Inside Llewyn Davis – 4.75 stars

Melancholy, compelling and lyrical, Inside Llewyn Davis is one of the best films of the year, whether you like folk music or not.

Davis, a folk singer in 1961 New York City, is in crisis, his aspirations undermined by his uncomfortable and unwilling status as a solo act, a less than capable manager, and his own selfishness. The film is his journey to the realization that it is not to be (not that he lacks talent) just at the advent of Dylan. As club owner F. Murray Abraham tells him after an audition that is heartfelt, impressive and inapt, “I don’t see a lot of money here.” Davis made his way to Abraham via a harrowing trip to Chicago where he not only abandons something he has come to love, but may well have killed it. During the trip, he is harangued by a junkie jazz musician (John Goodman) whose takedown of folk as elemental is just another dagger in Davis’s ambition. Soon, he becomes too weary to pretend he can be successful, to flop on yet another couch, or to play local celebrity for well-meaning patrons on the upper West side.

The Coen brothers possess an attention to detail that serves the film exceedingly well. Their depiction of 1961 Greenwich Village and the folk scene feels just right, and the travails of Davis, a local Simon who has split with his Garfunkel and become more gritty, take the viewer back in time. Like David Chase’s Not Fade Away, the milieu is drab, smoky and intimate, and the music is at the forefront, but nostalgia is replaced by an elegiac feel and the Coen brothers’ signature dark humor. This is not a film about an unheralded legend, or something as corny as Chase’s paen to rock, but about art as work.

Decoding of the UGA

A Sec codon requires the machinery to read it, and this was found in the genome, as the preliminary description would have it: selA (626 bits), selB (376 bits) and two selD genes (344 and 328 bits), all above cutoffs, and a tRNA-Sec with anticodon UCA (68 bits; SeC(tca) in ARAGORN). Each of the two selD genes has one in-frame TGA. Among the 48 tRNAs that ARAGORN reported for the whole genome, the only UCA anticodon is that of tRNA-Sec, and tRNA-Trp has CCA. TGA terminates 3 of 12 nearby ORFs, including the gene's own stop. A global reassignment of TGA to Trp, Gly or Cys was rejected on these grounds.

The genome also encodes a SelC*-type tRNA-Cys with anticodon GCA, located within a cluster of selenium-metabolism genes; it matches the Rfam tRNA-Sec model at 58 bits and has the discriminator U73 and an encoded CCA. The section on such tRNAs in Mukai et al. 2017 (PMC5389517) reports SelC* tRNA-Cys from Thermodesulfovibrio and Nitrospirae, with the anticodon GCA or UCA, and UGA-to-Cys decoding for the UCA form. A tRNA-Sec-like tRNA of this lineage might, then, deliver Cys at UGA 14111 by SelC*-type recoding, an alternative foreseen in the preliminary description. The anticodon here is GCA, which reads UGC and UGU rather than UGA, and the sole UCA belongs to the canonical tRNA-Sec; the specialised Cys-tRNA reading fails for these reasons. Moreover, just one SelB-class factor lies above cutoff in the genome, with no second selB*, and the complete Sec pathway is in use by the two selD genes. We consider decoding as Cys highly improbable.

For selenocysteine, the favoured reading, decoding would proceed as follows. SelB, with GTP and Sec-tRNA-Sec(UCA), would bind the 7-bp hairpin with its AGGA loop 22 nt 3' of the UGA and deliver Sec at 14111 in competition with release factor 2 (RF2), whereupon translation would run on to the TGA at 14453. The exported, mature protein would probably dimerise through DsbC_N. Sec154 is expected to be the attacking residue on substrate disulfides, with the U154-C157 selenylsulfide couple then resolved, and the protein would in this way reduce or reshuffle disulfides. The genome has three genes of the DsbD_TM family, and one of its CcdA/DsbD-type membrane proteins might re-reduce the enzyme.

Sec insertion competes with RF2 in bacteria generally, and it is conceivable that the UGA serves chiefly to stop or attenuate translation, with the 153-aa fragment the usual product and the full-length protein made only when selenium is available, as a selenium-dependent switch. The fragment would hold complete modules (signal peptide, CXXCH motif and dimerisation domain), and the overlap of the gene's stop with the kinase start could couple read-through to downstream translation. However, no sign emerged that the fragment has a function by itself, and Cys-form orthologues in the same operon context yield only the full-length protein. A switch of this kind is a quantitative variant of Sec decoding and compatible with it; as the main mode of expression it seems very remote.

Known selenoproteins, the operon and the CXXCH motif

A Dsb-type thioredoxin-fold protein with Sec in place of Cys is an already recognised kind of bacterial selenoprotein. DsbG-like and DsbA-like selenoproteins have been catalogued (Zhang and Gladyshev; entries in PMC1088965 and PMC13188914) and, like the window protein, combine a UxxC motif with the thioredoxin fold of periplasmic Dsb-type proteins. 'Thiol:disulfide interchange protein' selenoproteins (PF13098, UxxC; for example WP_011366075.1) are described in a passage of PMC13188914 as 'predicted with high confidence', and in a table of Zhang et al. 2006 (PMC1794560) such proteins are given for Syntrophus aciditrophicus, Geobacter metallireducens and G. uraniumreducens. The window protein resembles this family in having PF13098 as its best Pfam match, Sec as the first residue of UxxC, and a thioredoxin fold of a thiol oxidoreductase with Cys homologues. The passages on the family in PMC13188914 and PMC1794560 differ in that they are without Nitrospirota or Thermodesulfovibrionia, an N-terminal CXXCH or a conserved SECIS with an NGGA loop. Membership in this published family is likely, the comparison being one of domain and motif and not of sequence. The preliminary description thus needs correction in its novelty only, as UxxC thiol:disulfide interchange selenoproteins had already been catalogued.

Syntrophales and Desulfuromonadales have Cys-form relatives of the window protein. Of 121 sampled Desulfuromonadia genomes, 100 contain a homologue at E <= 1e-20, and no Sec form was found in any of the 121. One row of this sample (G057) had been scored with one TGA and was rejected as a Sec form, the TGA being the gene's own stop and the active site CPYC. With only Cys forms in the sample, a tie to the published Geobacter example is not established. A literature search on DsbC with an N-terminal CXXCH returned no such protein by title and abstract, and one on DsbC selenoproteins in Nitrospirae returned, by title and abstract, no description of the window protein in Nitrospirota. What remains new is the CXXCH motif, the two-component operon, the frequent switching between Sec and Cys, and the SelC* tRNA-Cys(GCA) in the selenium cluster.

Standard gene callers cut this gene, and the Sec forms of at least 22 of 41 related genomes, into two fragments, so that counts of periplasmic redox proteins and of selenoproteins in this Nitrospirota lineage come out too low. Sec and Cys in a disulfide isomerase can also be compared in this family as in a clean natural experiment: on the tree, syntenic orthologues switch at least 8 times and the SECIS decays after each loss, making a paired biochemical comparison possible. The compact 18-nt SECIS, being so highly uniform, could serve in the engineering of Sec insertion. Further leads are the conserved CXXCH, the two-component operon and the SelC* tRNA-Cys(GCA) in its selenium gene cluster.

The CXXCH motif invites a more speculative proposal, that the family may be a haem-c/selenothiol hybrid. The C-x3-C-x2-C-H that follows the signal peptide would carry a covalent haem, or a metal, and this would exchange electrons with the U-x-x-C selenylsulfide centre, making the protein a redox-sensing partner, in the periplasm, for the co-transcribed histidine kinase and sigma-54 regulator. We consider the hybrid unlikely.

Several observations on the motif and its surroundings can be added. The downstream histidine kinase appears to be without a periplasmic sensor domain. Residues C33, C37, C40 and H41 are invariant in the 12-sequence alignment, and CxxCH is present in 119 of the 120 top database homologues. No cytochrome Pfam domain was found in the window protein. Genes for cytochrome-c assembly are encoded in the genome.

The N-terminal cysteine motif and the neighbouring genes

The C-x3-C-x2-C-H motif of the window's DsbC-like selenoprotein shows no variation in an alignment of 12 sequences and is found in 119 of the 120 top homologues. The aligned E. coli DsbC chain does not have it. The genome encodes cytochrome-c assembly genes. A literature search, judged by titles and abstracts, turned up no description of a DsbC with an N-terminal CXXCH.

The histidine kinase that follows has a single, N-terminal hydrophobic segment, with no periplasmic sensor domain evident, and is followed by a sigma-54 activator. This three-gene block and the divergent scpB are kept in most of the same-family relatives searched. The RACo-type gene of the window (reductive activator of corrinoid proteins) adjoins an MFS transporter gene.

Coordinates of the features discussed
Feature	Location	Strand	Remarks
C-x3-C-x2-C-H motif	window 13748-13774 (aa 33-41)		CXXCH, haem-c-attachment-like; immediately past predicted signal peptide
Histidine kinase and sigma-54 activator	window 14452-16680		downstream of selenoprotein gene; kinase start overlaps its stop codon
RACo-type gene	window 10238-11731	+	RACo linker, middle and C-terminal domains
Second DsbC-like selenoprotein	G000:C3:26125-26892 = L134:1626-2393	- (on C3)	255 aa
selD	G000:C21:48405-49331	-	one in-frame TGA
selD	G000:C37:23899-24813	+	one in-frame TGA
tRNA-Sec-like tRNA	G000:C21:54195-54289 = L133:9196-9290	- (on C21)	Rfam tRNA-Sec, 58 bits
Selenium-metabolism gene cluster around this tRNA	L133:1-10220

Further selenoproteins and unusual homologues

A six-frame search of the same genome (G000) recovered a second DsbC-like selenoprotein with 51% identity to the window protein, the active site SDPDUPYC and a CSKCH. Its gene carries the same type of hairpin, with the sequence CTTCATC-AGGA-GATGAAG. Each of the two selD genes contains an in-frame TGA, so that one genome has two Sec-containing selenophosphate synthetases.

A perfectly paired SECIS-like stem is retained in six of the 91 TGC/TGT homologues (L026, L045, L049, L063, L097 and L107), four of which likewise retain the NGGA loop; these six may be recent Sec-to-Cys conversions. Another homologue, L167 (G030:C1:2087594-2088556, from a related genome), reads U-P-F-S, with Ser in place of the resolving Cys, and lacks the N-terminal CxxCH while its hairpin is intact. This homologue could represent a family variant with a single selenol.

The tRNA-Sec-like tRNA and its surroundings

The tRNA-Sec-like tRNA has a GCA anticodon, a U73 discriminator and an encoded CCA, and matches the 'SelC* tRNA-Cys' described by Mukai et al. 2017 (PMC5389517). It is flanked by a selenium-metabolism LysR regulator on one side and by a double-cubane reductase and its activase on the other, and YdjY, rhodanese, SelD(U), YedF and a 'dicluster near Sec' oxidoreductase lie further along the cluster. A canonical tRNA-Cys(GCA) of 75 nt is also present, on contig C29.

As for Davis, Oscar Isaac is anything but a character you champion. But he can sing and play and he embodies the sadness of having just enough talent. He is also loosely based on a real folkie, Dave Van Ronk.

If there is a weakness, it is Carey Mulligan as Davis’s bitter lover. She is so angry and one-note you feel pity for Davis when you should not. As she gets older, Mulligan is strangely morphing into a replica of Katie Holmes.

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